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About AMO Programme

The AMO Story

AMO is an acronym for ‘Agodi Ma Osuahu’ which means ‘Playing gives experience’ in Twi, a local Ghanaian language. The AMO Programme was founded in 1995 by a Dutch couple who worked and lived in Ghana. The main focus of the programme is improving the quality of education in Ghana, by introducing teaching-learning materials (TLMs) basic schools. At that time AMO had its own challenges, struggles and successes like every starting business.

“Knowledge is power. Information is liberating. Education is the premise of progress, in every society, in every family.” Kofi Annan

In 2003 the AMO Programme became an independent NGO. The Dutch committee who supported AMO in this challenge became the ABaCus Foundation. In the years 2006 and 2007 AMO Programme had several projects concerning implementing TLMs in Ghanaian primary education. With support by Dutch donations from ‘Impulsis’ and ‘Kerk in Actie’ two projects were started, regarding public schools in the Kwahu district and the purchase of machines for the AMO workshop. These projects made AMO flourish for a while. In the year 2008 the production rate decreased, but since 2009 AMO has been making steady progress again towards sustainability.

Kwaku Kwakye (current PM) back in 2000 with the formal Coordinator Roelof

Kwaku Kwakye (current PM) back in 2000 with the formal Coordinator Roelof

At the end of 2011 although a new project was initiated; the Model School Project, which gave AMO a positive boost. Throughout Ghana AMO has installed one Model School in every region. 2012 was the year that the coordination of the AMO Programme was taken over by Hopespring Foundation, headquartered in Accra.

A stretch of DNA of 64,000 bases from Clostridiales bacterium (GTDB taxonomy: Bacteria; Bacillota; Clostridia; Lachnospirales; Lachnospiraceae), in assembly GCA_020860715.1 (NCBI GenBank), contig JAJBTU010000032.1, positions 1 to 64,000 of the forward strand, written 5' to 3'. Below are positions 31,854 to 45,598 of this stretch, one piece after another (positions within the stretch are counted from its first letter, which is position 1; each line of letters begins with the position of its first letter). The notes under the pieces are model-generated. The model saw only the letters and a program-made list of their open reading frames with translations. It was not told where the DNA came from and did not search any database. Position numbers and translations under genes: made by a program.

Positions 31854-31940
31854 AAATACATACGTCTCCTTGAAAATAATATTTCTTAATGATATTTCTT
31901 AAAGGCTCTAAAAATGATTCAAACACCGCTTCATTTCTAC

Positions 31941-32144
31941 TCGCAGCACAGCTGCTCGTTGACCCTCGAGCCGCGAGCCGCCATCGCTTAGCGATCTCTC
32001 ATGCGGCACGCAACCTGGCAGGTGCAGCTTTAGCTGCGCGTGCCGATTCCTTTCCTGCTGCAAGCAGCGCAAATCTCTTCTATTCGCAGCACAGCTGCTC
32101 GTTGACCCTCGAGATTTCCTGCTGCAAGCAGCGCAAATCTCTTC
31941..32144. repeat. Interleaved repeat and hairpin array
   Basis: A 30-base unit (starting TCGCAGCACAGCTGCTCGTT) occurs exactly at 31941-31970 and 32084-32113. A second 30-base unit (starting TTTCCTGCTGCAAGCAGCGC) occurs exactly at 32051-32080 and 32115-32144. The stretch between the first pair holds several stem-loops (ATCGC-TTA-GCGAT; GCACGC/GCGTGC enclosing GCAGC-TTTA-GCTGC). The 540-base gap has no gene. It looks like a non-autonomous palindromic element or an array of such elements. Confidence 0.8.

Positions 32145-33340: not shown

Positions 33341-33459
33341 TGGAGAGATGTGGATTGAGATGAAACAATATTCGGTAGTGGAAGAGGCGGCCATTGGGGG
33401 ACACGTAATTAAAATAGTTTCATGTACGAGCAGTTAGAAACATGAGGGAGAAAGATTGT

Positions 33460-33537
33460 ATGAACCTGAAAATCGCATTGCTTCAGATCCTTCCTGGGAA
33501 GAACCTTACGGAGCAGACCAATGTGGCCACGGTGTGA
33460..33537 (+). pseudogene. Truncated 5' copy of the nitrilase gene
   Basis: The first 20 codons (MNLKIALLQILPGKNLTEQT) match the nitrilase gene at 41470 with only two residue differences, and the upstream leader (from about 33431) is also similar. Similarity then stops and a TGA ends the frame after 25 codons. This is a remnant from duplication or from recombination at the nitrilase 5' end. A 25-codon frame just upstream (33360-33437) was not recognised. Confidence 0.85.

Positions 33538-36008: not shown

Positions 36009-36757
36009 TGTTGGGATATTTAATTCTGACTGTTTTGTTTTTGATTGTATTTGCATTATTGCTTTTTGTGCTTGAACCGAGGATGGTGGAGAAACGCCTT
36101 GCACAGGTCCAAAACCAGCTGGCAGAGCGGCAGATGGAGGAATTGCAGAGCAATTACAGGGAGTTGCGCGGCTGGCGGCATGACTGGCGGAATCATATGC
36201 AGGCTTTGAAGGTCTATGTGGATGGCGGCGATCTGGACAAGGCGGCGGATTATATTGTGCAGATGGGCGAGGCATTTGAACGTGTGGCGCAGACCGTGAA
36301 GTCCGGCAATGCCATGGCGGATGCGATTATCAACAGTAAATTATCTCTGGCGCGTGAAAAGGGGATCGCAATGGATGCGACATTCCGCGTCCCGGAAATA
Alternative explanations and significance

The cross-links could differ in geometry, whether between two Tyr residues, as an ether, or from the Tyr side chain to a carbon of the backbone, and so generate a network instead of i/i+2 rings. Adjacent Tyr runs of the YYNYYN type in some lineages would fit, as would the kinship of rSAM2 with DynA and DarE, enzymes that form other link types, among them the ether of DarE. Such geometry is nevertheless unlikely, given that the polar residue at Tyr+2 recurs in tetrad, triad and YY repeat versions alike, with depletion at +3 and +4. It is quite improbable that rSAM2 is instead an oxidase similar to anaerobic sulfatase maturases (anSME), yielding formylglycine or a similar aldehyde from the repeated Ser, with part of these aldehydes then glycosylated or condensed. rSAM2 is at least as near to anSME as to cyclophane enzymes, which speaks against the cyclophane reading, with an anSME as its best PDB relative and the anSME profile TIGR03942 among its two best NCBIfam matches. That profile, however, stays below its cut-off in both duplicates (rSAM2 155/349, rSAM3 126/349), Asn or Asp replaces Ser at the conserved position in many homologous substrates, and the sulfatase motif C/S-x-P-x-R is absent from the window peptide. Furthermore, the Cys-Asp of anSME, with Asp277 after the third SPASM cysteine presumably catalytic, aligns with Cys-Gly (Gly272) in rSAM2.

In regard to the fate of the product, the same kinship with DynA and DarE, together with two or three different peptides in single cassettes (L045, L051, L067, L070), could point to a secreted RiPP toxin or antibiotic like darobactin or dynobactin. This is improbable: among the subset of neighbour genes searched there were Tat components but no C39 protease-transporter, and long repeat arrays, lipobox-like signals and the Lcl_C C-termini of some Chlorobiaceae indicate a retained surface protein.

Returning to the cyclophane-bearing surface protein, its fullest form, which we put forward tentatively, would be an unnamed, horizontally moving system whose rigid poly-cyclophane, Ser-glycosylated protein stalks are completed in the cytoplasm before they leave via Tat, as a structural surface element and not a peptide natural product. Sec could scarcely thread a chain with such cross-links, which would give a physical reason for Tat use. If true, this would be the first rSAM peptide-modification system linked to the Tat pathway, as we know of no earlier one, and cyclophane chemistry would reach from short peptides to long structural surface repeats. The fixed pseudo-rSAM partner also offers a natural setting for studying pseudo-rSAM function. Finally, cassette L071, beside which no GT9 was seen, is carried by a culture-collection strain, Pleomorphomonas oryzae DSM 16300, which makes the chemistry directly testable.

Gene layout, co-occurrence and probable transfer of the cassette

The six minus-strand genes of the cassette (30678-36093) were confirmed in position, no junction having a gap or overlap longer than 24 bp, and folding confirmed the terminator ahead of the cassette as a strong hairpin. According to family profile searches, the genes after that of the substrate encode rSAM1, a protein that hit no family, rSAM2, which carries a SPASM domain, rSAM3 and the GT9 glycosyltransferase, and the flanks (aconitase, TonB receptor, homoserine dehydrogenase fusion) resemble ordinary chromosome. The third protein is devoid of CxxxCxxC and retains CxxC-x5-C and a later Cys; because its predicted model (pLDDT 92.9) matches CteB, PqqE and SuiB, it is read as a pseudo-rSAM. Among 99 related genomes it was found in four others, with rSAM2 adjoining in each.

Anno 2014 AMO turned the Model School Project into a Programme. 2014 is also the year that AMO starts building a complete new Learning Centre at Abepotia – Nkawkaw.


Mission Statement

To improve the quality of education in Ghana, West Africa, by implementing teaching-learning materials (TLMs) into early childhood education and primary education.

AMO intends to improve the quality of education by implementing TLMs. Especially for children, experiencing through playing is a good way of learning. Through puzzling, building, identifying, combining, arranging, sorting and playing, children come in contact with the basics of numeracy, literacy, creativity, problem solving and moral values.
AMO has four departments: Production, Training, Research and Marketing. All these functions are practiced, based on the four times ‘local’ principle:

  • Local governance: Board and Management consist of Ghanaians
  • Local materials: the use of local materials, mainly wood
  • Local people: Ghanaian employees
  • Local products: TLMs fitting within the Ghanaian context

“What I hear, I forget. What I see, I remember. What I do, I understand.” Confucius